1 Ik 1
Secretary of the Navy Daniels has
prescribed an official insignia on the
aeroplanes, dirigibles and ha'lnons
of the navy to consist of a five-point
ed star inside a blue circular field
with a red circle in the center of the
star. It will be painted on the bot
toms of th aeroplane wings. The
army will follow this example.
r n a
Let this be the open season for German
SUMMER SCHOOL NOTES
The week iust finished has shown
improvement and increased interest
vuv A v.' c 1 1 1 1 1 1 C, CV-'ii uvno
have been secured at very reasonable
prices and it is expected that the
teachers will introduce music in their
respective schools when the school
term opens in the fall.
Dr Denny's lectures on school
manageement have proved quite valuable.
Miss Sue Cleaton. in charge of the
work in nrimarv methods, is contin
uing her valuable and interesting
work with the demonstration class of
second and third grade children. I he
class dramatized the "Story of the
Ked Hen, on Monday morming and
value of dramatization for children
in the elementary grades was dem
onstrated quite effectively.
in demonstration Class-
The follnwintr rOiilHrpn nr in the
demonstration class: Dan Berson,
Ruth Brink, Gretchen Everhart, Jan
ham, Dorothy Metritt, Marj' Alice
T . . A- 1 . J
repper, iMizaoetn iuma, utaays
Roper, Helen Sierra. Vandilla Strick
Mrs. Nita Osborne Benn and Miss
A 1 1 r- Froaman TtrA tzraA mnilt An-rini?
the morning exercises, and Miss Ruth
Van Felt demonstrated her ability as
a dramatic reader, all selections beine
ine summer school win close juiy
27 and all those who have attended
regularly and fulfilled the require
ments will receive special summer
The Journal's "Want Ad
columns is a first-class medium.
F the Business and
firms of Pensacoli.
Journal re iders m ani oat of th
city will find it most valuable from tins
to time. Name, address and phone
number of leading business concern?
and professional men of Pensacola.
Paste this in your scrap book, put
it in your pocketbook. or tack it in
some convenient place.
PODOK BROS. MOTOR CAR.
O. H. HATS. Dealer Phone 87.
ABSTRACTS OF TITLE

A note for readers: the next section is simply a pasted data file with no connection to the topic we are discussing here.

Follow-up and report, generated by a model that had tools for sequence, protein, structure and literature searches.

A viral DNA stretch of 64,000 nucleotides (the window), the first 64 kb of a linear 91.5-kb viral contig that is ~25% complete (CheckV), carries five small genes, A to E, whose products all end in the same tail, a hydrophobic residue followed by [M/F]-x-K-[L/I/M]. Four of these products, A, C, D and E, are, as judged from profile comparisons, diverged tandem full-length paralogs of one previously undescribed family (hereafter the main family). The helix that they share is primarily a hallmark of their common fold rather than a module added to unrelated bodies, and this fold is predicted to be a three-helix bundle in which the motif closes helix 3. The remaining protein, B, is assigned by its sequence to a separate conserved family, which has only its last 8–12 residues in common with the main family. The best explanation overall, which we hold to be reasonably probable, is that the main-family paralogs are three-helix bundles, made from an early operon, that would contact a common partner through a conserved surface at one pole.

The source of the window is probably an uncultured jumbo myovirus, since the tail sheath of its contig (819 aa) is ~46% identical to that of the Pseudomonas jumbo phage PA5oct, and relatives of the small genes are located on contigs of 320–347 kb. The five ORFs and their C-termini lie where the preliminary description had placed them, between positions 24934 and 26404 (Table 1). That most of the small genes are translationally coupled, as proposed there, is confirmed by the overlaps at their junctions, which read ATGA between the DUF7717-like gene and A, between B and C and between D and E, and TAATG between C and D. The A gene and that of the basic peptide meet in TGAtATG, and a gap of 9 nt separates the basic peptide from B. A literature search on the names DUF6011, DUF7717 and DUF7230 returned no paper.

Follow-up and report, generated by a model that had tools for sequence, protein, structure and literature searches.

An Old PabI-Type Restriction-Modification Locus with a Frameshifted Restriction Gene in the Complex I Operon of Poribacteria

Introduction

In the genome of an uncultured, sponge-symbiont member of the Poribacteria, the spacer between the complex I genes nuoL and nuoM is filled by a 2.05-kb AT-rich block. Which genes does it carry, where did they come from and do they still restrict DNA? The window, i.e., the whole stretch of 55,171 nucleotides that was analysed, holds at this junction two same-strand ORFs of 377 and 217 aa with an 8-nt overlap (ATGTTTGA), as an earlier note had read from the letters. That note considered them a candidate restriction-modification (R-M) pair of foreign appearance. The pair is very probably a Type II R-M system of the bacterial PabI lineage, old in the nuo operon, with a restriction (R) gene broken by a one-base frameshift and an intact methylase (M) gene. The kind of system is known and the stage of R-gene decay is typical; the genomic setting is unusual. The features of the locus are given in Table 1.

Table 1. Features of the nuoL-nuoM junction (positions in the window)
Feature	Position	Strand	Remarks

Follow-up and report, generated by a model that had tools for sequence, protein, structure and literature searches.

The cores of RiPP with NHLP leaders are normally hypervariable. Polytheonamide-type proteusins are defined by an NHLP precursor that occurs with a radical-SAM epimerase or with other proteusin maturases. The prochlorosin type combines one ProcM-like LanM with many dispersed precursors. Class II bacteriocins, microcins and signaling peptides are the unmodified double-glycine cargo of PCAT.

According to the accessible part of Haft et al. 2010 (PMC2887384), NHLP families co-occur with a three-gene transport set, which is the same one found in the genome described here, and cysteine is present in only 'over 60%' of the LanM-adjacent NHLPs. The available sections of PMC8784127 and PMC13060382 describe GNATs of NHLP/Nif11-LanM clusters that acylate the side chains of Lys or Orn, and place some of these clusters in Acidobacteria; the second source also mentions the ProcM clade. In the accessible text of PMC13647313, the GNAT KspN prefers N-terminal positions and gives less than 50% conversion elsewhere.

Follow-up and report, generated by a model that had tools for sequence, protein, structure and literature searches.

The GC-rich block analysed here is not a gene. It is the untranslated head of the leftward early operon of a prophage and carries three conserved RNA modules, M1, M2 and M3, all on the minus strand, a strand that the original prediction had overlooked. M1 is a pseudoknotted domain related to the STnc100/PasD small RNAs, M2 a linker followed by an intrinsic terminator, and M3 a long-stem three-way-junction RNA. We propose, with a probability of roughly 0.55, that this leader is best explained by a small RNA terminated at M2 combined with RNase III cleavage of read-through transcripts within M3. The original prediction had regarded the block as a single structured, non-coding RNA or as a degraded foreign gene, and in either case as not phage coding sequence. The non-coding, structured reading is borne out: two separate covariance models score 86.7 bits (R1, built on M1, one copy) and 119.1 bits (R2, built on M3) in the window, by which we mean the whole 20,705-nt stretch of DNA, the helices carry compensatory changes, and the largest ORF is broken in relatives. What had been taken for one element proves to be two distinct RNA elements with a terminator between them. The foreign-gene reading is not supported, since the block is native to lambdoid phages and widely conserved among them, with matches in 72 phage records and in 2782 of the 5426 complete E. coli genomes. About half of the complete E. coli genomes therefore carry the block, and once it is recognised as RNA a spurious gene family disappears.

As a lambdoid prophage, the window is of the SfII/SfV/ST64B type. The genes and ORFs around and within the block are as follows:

TtTT OTT A T A NTEB CO.
191 Boath Palafo Street Phon 684.
THE CRYSTAL PHaJIMACT.
CIXTTITH MUSIC HOUSE.
114 South Palafox Street. Phon I.
D'ALKMBKRTHH PIIA RM ACT.
1X1 South Pito Strt. Hhoo 1
RETNAI.PS- MUSIC HOU8B.
II South PiJafox Etret. Fhon Tl.
PfcNSACOT,A HtrCffJT WORKS,
iri-llt Eit TntTilenc1. Phori 17.
T T. WFMTWORTR TR.
Belrnont and Davis Streets.
riTWK WUK WATT, BANK
167-10 5octh Palafox street. Phona IS
Carria and Veiclr Pepafrs
WV T. FOX CARB.TAOE WORK?.
117 Eaat Zarrmifo Ptrt. Pton tH
Cffle Then Tartl Phone -HJ.
EXPORT FtTEL AND ICE CO..
Ml North Tarrarona gtreat. Phona HI.
It, O. CLOTHTNO STORB.
Ill-Sit South Palafox Strait Plrtma 115
THE CENTRAL PHARMACT,
10 South PaUfox trot. Phonea 177-:7S
mam i t. tuna
Oeo. H. Kerrey. Mrr. PrlTate Than 0!
W. A. KAT ftARDWARE CO..
T10 Bouth PalafoT Straat. Phna 14n.
PENSACOlA tCB CO.,
101-lCt N. Tarraona. Phonea E anfl 189
1,111. pmp.'w pf.l.
114 -111 Eaat Oorernment. Phona 14
MATES PRIKTTNO CO..
II Waat OoTernment 8'reet. PS;?a 111.
Th Frmacuia Jourruil, Mornlna an
Sunday. Phonea. E11t. II; 13m. U.
The Peniacola Newii. ETenlrig ETtcaU
Sunday. Phonea. Wit 454 Bus. 111.
Painters, Paper Hangers.
K. B. V.'FLL?. 1- Kast Government
:04'4 So'Jth Paiafox Street. Phona 1101
THK PERFECTION LACNDRT
Dry Cleaning and Steam Preaalng.
A.ND FEATHER BEDS CLEANED AND
MADE OVER. C.W.CLAFLIN. phone 1U
OVUf MACHINE VS-ORKS,
111-117 South Pm afox. Phonea Iti 14i
THE PARLOR MARKET.
114 South Paiafox Street Phonea 173-174
REAL ESTATE AGENTS.
3. N. ANDREWS.
!?: North Paiafox street. Phon 588
Chatfa Ele"trleal Shoe fop, W&rrlr.rttm
Phone 9138 Ring 1.
POCRTLES SIGN CO..
32 Eo'ith Paiafox. Phona 780.
The Slsm Man. DeLuna St. Phone 887.
pefistry of Trained Nurea nt Whlte'i
Pharmacy. Day Phona 110. Xiht. 44.